A reporter's guide to interviewing the Iranian president.
- By Barbara SlavinBarbara Slavin is a senior fellow at the Atlantic Council's South Asia Center and Washington correspondent for Al-Monitor.com. Follow her on Twitter @BarbaraSlavin1.
Mahmoud Ahmadinejad is coming to New York again next week for the annual opening of the U.N. General Assembly. If the past is any guide, he will try to use the U.S. press as a prop to distract from his shaky standing at home.
Since he was first elected in 2005, the Iranian president has perfected the art of slipping and sliding around even the most seasoned interviewers. Typically, he answers questions with questions and deflects criticism by attacking the United States or Israel.
On previous trips, Ahmadinejad has insisted that Iran has "real elections" — despite copious evidence to the contrary — and that Iran’s economy does "not face serious problems," unlike the U.S. economy (another dubious assertion).
Reporters need to be armed with in-depth knowledge of Iran’s economy, politics, and society — and even then they may have difficulty getting Ahmadinejad to admit the truth. When I first interviewed him in 2006, he simply denied that the number of educated youth seeking visas to leave Iran had risen significantly since his election and that wealthy Iranians had moved billions of dollars to Dubai (both facts were true).
In advance of this year’s trip, the International Campaign for Human Rights in Iran has prepared a press guide with suggested questions, useful background on issues and prior interviews, and examples of what to avoid. The organization urges reporters to focus on Iranian human rights abuses in the aftermath of last year’s disputed presidential election and remind Ahmadinejad of Iran’s obligations as a signatory of international conventions on human rights.
The guide advises interviewers to be as specific as possible to make it harder for the Iranian leader to go off on tangents and indulge in generalities. Among suggested questions: Why did Ahmadinejad give another high position to former Tehran prosecutor Saeed Mortazavi, who has been indicted in connection with the detention of young demonstrators at Kahrizak prison last year? Many there were tortured and raped, and at least four young men died, including the son of a prominent official.
Instead of facing punishment, Mortazavi was made head of an anti-smuggling task force and was seated prominently at ceremonies marking the end of Ramadan led by Iran’s supreme leader, Ayatollah Ali Khamenei.
Mehdi Khalaji, an Iranian scholar at the Washington Institute for Near East Policy, says interviewers need to be blunt, even rude, to "make Ahmadinejad stop and think. Ask him why he has so many problems with clerics in what is supposed to be an Islamic republic?" Khalaji, a former seminarian in Iran, suggests, "Ask him why the clerics hate him."
As the Iranian government has moved to crush the reformist Green Movement, divisions have grown within the ruling conservative camp. Many clerics object to Ahmadinejad for promoting a superstitious folk interpretation of Shiite Islam and for increasing the power of the Revolutionary Guard over the clergy.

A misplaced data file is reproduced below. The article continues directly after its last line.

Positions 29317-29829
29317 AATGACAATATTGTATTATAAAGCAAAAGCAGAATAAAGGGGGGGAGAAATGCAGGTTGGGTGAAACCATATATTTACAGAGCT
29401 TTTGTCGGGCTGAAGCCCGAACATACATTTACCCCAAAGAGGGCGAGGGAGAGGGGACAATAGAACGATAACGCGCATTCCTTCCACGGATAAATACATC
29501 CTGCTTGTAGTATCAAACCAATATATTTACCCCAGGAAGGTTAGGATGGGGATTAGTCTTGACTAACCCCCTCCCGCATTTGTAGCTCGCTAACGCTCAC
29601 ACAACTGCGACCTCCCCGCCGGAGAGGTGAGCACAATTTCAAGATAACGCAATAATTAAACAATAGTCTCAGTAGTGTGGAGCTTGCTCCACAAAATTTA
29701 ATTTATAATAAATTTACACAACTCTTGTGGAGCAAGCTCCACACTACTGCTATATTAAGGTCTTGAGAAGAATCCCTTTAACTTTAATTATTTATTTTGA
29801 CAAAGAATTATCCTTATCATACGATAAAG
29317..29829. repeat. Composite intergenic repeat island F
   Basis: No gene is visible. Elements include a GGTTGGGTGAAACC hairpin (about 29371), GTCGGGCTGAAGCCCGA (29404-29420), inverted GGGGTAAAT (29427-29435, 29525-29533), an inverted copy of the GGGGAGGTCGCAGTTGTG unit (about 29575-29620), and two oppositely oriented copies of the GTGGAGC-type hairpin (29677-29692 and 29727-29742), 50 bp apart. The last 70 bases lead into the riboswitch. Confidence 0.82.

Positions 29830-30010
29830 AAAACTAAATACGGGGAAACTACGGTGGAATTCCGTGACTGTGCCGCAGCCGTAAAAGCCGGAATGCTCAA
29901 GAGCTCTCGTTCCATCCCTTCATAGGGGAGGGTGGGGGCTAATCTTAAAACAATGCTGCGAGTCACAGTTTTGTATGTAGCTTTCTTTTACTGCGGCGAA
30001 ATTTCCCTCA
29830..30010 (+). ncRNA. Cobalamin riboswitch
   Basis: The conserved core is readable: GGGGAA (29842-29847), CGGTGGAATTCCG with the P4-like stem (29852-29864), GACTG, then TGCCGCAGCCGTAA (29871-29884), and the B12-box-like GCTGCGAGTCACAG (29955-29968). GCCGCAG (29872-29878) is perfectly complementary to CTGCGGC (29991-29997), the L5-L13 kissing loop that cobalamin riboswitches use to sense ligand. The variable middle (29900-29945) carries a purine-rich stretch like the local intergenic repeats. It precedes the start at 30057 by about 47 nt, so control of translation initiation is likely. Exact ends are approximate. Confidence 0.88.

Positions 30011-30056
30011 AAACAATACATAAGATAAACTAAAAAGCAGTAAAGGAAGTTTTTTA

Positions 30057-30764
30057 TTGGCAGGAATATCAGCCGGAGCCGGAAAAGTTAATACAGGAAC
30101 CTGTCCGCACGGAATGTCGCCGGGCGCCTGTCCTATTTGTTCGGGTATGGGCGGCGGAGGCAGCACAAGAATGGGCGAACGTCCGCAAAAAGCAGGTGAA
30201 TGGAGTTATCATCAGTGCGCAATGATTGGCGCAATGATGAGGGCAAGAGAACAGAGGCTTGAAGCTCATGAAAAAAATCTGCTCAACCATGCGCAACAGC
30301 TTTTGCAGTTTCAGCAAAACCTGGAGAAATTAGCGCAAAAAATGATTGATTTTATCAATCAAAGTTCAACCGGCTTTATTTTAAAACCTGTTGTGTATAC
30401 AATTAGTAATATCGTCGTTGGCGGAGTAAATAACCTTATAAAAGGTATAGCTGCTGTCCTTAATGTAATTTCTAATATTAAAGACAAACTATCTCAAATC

Others oppose him for giving high-level posts to an in-law, Esfandiar Rahim Mashaei, who openly champions Iranian nationalism over Islam — a no-no in the Islamic Republic. After last year’s election, Ahmadinejad named Mashaei Iran’s first vice president. When the supreme leader objected, Ahmadinejad made Mashaei his chief of staff. Recently, the president appointed Mashaei his special Middle East envoy. Rumor has it that Ahmadinejad wants Mashaei — whose son is married to Ahmadinejad’s daughter — to run for president in 2013 in part so that Ahmadinejad can seek a third term in 2017. Iran’s Constitution forbids more than two consecutive presidential terms.
Khalaji suggests that reporters ask Ahmadinejad: "Is it true that Mashaei wants to be president and you want to be Iran’s [Vladimir] Putin?"
Mehdi Jedinia, an Iranian-American journalist who previously worked for the Mehr news agency in Tehran, says someone should ask Ahmadinejad how he would manage if he didn’t have Israel or the United States to blame for Iran’s problems.
Jedinia also suggests asking Ahmadinejad why he has encouraged Iranian women to have more children given the country’s economic woes, including high unemployment.
Several analysts have urged reporters to avoid questions about the Holocaust, which rarely produce anything new and put Ahmadinejad on comfortable ground. Focusing on current issues has worked better; most recently, international pressure led Iranian authorities to free American hiker Sarah Shourd and convinced Iran not to stone to death Sakineh Mohammadi Ashtiani, a woman convicted of adultery.
Reporters who do not have to fear imprisonment or exile for doing their jobs — unlike the more than 30 journalists still in Iranian jails and the hundreds forced to flee Iran since June 2009 — have a duty to ask Ahmadinejad tough questions, says Hadi Ghaemi, director of the rights group that produced the press guide.
"Inside Iran, journalists and human rights defenders do not have the opportunity to hold him accountable," Ghaemi said. "When he travels abroad we all have an obligation to do so."